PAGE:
If we walk in the truth it ought to be seen in our love.

But Gaius did more than merely welcome the brothers. He didn’t just act; he acted in love. There’s a saying in Ethiopia, ‘More than the food, the face’. This expression shows that more importantly than serving food, is the face—smiling or frowning. True hospitality, that which Gaius demonstrated, issues in love. From this we learn that if we walk in the truth it ought to be seen in our love; in our selfless hospitality towards others. And this love should not be limited to those we know. I praise God for the many brothers and sisters who’ve showed me this kind love.

The Historical Significance of Gaius’ Actions

3 John 7 shows the importance of what Gaius did. His environment was a time when people supported others according to whatever ‘school of thought’ they belonged to. People moved around getting financial support from others based on their teaching. Evident in the persecution at the time, Christianity did not have much support. Supporting Christians, back then, meant not only supporting them but also the truth that they taught. This is why John says showing love for those brothers meant working together for the truth (3 John 8).

Supporting Christians, back then, meant not only supporting them but also the truth that they taught.

There are many true churches that are suffering in Ethiopia because they don’t preach what tickles the ears, contrasted with the almost countlessly successful “men of God” (2 Timothy 4:3). They don’t do motivational speeches. Rather, they preach the eternal and inspired truth. So they struggle financially and with other resources. But Christ is their head. His gospel remains their call. Thus they don’t hoard wealth or refuse love, even when it is sacrificial and costly. These are servant leaders in the mould of Gaius. These are the kinds of Christians that we ought to imitate for this is the kind of faith that God celebrates.

Gaius: A Faith to Imitate

John responds to Gaius’ example with exceeding joy at his clear Christian fruit (3 John 4). He also encourages Gaius to keep on with his work of love, as this is done for the Lord. On the other hand, John exposes Diotrephes, by telling Gaius to rather imitate Demetrius (3 John 11). So, how can we imitate Gaius and Demetrius rather than Diotrephes? In conclusion I will suggest four ways.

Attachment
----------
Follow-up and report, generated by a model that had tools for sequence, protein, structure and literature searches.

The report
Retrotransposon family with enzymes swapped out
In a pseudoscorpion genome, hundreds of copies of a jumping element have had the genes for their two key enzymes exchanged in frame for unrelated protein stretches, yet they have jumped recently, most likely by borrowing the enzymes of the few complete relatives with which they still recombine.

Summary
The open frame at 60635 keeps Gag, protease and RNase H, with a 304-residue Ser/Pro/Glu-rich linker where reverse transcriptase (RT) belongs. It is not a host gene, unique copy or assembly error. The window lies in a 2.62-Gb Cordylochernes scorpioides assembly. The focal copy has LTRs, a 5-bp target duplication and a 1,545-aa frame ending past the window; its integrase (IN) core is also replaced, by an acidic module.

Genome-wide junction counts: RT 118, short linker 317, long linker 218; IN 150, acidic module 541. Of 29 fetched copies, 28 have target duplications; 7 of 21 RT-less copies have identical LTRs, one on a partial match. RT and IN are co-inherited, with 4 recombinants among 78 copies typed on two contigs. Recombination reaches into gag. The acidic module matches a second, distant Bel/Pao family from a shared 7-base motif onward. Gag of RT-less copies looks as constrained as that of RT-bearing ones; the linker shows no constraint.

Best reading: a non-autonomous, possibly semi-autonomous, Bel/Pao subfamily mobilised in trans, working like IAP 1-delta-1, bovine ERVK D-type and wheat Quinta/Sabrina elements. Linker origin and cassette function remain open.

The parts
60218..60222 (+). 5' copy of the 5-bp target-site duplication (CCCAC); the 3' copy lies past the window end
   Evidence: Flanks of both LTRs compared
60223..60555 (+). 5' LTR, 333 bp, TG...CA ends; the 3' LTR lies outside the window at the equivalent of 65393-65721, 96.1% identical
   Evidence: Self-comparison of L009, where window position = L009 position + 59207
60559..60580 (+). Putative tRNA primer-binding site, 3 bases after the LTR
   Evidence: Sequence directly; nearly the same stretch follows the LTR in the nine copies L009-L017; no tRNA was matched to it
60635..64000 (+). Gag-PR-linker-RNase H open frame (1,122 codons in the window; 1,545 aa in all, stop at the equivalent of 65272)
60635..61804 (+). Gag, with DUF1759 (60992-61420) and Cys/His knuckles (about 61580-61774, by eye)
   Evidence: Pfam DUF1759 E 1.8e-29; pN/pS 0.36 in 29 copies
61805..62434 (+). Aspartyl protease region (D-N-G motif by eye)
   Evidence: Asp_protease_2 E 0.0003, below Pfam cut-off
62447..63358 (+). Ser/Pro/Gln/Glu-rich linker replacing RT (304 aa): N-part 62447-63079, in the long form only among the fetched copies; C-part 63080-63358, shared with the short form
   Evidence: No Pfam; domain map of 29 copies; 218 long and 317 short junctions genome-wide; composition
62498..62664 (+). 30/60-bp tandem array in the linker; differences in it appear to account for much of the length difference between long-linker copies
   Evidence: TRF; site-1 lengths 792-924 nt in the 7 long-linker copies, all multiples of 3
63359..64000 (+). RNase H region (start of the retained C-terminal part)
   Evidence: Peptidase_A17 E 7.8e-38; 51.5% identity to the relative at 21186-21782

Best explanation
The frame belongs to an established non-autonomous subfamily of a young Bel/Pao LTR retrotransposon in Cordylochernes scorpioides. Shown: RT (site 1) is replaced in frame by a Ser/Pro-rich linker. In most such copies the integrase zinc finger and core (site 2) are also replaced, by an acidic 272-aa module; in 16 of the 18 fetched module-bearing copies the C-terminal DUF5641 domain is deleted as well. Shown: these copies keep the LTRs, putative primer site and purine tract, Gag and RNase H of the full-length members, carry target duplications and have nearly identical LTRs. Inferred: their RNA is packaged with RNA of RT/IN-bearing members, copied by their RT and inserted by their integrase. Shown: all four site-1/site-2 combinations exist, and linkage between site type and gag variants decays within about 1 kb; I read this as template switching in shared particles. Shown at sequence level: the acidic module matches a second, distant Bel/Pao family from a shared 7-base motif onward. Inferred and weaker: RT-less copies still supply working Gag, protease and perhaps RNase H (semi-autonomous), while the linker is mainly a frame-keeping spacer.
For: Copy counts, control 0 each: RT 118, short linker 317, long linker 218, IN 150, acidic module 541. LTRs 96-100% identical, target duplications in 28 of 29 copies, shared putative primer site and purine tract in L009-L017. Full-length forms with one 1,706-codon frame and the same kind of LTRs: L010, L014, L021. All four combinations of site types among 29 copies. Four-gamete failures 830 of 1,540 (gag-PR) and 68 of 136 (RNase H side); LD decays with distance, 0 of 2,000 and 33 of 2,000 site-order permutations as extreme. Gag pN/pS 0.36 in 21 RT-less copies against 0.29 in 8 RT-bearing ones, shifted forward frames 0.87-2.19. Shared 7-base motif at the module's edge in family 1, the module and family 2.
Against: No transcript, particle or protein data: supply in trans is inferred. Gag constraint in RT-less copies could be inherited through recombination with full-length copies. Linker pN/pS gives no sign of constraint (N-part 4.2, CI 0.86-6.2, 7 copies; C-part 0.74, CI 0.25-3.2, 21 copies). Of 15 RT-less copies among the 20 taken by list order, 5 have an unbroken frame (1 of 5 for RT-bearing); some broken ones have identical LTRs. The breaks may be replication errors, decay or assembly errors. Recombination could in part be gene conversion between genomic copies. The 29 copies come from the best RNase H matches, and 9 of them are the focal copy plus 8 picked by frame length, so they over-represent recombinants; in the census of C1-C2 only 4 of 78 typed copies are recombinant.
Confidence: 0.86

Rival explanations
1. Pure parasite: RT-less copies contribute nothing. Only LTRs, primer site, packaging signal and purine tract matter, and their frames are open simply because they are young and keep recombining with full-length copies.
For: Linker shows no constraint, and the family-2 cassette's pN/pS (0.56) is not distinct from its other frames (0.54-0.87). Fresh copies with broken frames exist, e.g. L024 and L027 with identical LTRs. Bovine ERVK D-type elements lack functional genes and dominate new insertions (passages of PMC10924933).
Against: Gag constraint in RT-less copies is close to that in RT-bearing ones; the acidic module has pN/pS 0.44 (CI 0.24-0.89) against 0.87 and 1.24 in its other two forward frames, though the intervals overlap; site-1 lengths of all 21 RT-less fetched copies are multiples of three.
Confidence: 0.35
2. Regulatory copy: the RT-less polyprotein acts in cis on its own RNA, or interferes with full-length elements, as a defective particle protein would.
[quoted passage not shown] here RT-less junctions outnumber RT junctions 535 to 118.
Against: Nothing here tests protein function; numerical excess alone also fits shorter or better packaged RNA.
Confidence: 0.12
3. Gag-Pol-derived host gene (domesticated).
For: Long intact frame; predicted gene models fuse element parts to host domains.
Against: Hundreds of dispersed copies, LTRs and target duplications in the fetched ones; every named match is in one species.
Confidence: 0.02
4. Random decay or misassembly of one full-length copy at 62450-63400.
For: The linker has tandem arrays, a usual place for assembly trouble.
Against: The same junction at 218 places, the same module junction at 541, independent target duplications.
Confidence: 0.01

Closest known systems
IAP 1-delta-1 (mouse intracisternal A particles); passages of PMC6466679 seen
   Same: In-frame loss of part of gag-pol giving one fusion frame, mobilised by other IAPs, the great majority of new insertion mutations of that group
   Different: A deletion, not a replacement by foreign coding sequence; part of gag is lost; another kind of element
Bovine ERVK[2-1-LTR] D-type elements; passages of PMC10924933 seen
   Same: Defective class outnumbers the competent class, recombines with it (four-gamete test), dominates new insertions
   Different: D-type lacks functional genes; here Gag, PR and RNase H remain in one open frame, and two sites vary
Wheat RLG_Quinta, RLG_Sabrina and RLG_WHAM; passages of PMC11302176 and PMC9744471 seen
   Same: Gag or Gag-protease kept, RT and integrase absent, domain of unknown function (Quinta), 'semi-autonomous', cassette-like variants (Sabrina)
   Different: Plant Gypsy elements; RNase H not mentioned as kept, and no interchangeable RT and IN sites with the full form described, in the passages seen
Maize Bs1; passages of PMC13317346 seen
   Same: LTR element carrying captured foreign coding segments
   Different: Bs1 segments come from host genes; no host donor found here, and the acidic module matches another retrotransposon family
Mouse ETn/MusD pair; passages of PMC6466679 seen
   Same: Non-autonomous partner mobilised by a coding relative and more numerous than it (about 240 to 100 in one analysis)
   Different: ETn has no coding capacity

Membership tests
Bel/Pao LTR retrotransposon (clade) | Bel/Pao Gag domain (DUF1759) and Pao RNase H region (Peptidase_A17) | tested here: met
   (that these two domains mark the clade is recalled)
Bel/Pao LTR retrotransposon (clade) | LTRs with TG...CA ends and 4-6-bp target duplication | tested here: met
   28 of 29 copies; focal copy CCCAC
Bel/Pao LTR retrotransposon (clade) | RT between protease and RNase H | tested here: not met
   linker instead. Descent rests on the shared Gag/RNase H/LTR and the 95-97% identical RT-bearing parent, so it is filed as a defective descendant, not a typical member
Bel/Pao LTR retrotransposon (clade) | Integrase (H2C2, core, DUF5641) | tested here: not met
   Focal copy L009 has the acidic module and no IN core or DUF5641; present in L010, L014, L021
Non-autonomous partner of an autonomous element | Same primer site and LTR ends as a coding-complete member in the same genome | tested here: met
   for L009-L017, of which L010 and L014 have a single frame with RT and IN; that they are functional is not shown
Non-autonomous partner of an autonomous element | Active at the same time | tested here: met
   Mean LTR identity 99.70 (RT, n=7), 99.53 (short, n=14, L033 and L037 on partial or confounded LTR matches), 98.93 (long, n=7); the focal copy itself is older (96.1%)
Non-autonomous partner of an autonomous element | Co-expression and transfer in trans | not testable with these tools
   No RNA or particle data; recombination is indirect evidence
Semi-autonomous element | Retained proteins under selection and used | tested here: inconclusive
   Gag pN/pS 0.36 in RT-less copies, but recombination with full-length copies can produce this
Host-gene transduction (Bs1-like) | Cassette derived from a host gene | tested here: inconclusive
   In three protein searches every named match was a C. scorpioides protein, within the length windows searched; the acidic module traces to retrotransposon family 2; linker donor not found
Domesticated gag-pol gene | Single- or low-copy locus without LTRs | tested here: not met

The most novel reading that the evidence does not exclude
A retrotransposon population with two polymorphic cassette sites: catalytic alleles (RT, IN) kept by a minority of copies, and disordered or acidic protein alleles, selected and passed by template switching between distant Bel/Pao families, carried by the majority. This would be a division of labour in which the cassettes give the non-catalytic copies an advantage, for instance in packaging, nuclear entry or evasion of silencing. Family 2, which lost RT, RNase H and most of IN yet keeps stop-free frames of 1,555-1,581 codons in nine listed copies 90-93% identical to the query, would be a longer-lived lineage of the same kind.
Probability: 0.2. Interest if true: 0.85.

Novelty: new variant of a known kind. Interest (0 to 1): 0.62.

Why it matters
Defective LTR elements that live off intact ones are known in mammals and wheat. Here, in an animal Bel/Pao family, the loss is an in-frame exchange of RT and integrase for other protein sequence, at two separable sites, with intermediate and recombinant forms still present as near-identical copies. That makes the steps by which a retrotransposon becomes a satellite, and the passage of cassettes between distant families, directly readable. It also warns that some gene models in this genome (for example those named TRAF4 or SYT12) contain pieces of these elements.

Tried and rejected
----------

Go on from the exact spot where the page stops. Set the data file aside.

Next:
1. Give to Ministry and Missions

As I mentioned earlier, true biblical teaching at this time—in Ethiopia and elsewhere on the continent— does not fare well. True churches and missionaries often lack financial support and other necessary resources. Therefore, we should support them however we can. This, of course, starts with our local church. But it should definitely extend outwards, into our cities and the broader mission field. By doing this, as John says, we express the truth in love.

2. Encourage Believers and Celebrate Faith

We must celebrate the gospel maturity of believers. We should be joyous at their fruit and faith, encouraging them to keep doing good. This responsibility falls on all of us. Furthermore, we should imitate those who walk in truth, like Gaius and Demetrius in 3 John. When we demonstrate this sort of gospel love we also witness to the gospel truth. When we do not delight in gospel growth it raises questions over that same truth in our own lives.

3. Be Humble Before God

Last, but not least, we must fight against pride. We must work hard to constantly rely on God’s grace in Christ. Diotrephes endeavoured to put himself first. This resulted in him rejecting the apostles, not receiving the brothers, and even persecuting those who believed the gospel. If we put ourselves first, we should not be surprised if similar results occur in our lives.

4. Beware Leaders Who Put Themselves First

The “men of God” are often not very different from Diotrephes. These leaders may or may not be Christians. But I nevertheless recommend that believers remove themselves from their congregations and ministries. As Christ emptied himself, we should always put others before us. Therefore we should be wary of Christian leaders who embody something else entirely. The Christian faith leaves no room for pride. In humility, Christ put himself before others. Surely those who lead his church should do the same.